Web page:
Devaluation of human rights in Italy

In decades past, major prominence has been given to the protection of human rights and the concept of human dignity. This is a long-term process, dating back to ratification of the European Convention of Human Rights in 1953. Pragmatically, the importance of human rights in the international culture developed relevance with the establishment of the International Covenant on Civil and Political Rights in 1976, and in a more concrete way with placement of a permanent court of the ECHR in Strasbourg in 1998. This solid background prompted and fostered the debate on human rights and standards of protection.

In Europe, much of the work of jurisprudence and protection is made by the Court of Strasbourg by means of case-law, legislative enforcement and interpretation. Generally, the work of the ECHR is solidly respected by signatory countries to the Convention, particularly as they still have a margin of discretion in enforcing the law. In the last two weeks, however, two distinct events in Italy recalled the importance of human rights and their protection, and also of human dignity. The two events are: the arrest of two American tourists in Rome who were accused (and guilty) of having killed the Maresciallo Carabiniere Mario Cerciello Rega; and the approval by the legislature of the so-called “Decreto Sicurezza bis” legislation.

The first event concerns the killing of an Italian policeman, stabbed by one of the two American tourists who were then arrested by the Italian police. It is not our interest here to investigate the facts surrounding the already blurry case of the homicide of Cerciello Rega. Rather we wish to speak to the fact that during the arrest, there was a photograph taken of the guilty American man being handcuffed, sitting on a chair and blindfolded. The photograph, leaked from the same police headquarters, shocked many Italian authorities and politicians — but not everyone.  The “disturbing situation,” evidenced by CNN and other national news outlets in Italy, was seen differently by the Minister of the Interior, Matteo Salvini. The Minister, when asked by journalists about his concerns over the wrongful treatment of the American man during the arrest, fired back that “The only victim is the policeman.” This may be true with respect to the killing of a man — an act that can not be compared to a (mere) wrongful arrest procedure.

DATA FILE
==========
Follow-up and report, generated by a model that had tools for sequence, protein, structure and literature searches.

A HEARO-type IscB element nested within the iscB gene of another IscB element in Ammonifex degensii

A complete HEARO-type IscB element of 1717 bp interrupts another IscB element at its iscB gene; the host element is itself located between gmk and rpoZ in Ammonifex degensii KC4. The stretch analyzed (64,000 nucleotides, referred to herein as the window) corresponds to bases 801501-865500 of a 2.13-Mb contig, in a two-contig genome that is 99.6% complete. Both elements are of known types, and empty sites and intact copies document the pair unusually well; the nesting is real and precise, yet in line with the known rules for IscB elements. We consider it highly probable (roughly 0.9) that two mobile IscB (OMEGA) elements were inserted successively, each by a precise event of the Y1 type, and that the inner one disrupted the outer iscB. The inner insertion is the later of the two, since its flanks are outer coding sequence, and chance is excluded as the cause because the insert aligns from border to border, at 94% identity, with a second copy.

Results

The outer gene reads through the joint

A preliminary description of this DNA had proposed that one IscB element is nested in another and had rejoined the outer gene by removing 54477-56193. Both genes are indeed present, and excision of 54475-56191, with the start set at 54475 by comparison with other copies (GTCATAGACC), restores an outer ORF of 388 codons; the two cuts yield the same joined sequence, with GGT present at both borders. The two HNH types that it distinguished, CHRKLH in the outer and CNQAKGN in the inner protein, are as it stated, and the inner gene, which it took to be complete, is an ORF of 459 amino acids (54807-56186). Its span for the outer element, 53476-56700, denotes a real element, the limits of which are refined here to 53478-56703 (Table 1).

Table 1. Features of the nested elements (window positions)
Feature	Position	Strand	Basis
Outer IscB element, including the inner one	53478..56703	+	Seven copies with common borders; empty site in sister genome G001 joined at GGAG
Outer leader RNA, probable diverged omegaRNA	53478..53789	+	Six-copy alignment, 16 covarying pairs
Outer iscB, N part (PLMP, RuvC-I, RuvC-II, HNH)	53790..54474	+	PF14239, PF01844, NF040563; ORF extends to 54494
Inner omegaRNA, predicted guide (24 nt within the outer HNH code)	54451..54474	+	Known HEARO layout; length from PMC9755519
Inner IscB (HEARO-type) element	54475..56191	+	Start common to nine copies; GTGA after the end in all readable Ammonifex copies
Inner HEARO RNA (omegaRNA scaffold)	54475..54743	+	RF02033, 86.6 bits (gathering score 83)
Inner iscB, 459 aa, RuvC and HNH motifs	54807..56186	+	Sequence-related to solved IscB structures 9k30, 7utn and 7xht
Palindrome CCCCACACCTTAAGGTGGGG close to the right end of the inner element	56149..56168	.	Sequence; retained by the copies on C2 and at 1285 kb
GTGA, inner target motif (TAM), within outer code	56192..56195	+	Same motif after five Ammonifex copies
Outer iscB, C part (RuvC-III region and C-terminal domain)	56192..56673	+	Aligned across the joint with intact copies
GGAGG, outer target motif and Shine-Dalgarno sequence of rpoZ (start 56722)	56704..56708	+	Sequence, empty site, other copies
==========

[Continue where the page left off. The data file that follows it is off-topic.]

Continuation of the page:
But Gabriel Christian Natale-Hjorth, the man under arrest by wrongful procedure, is also a victim. The condition of “victim” was brought about by the violations committed by the policemen responsible for the suspect in the police headquarters.

From a legal point of view, these people are not the only offenders. Violations also happened at the national and international level. Therefore, according to the European Convention of Human Rights, Italy as a country is an offender, as it has not been able to enforce the international obligations deriving from the Convention.

Starting from the point of view offered by domestic legislation, this wrongful act infringes Article 13 and Article 27 of the Italian Constitution.

Accordingly, Article 13 dictates that no form of detention, perquisition or restriction of personal freedom is permitted, unless differently foreseen by means of justification by the judicial authority, according to the means accepted by law. Moreover, it says that any form of moral or physical violence conducted on people under restricted liberty will be punished and is prosecutable by law.

Article 27, on the other hand, foresees the situation of the suspect, who, even if a confessed criminal, must be considered innocent until the final verdict of the judge. Any confession coming from a procedure of arrest in which the suspect is not treated as innocent may be considered misleading or fake, stemming from a situation of potential emotional confusion. With regard to domestic legislation, such procedures are recognized as an infringement of law 345/1975 of the Italian penitentiary legislation that condemns the use of moral or physical violence, recognizing it as a deprivation of personal freedom.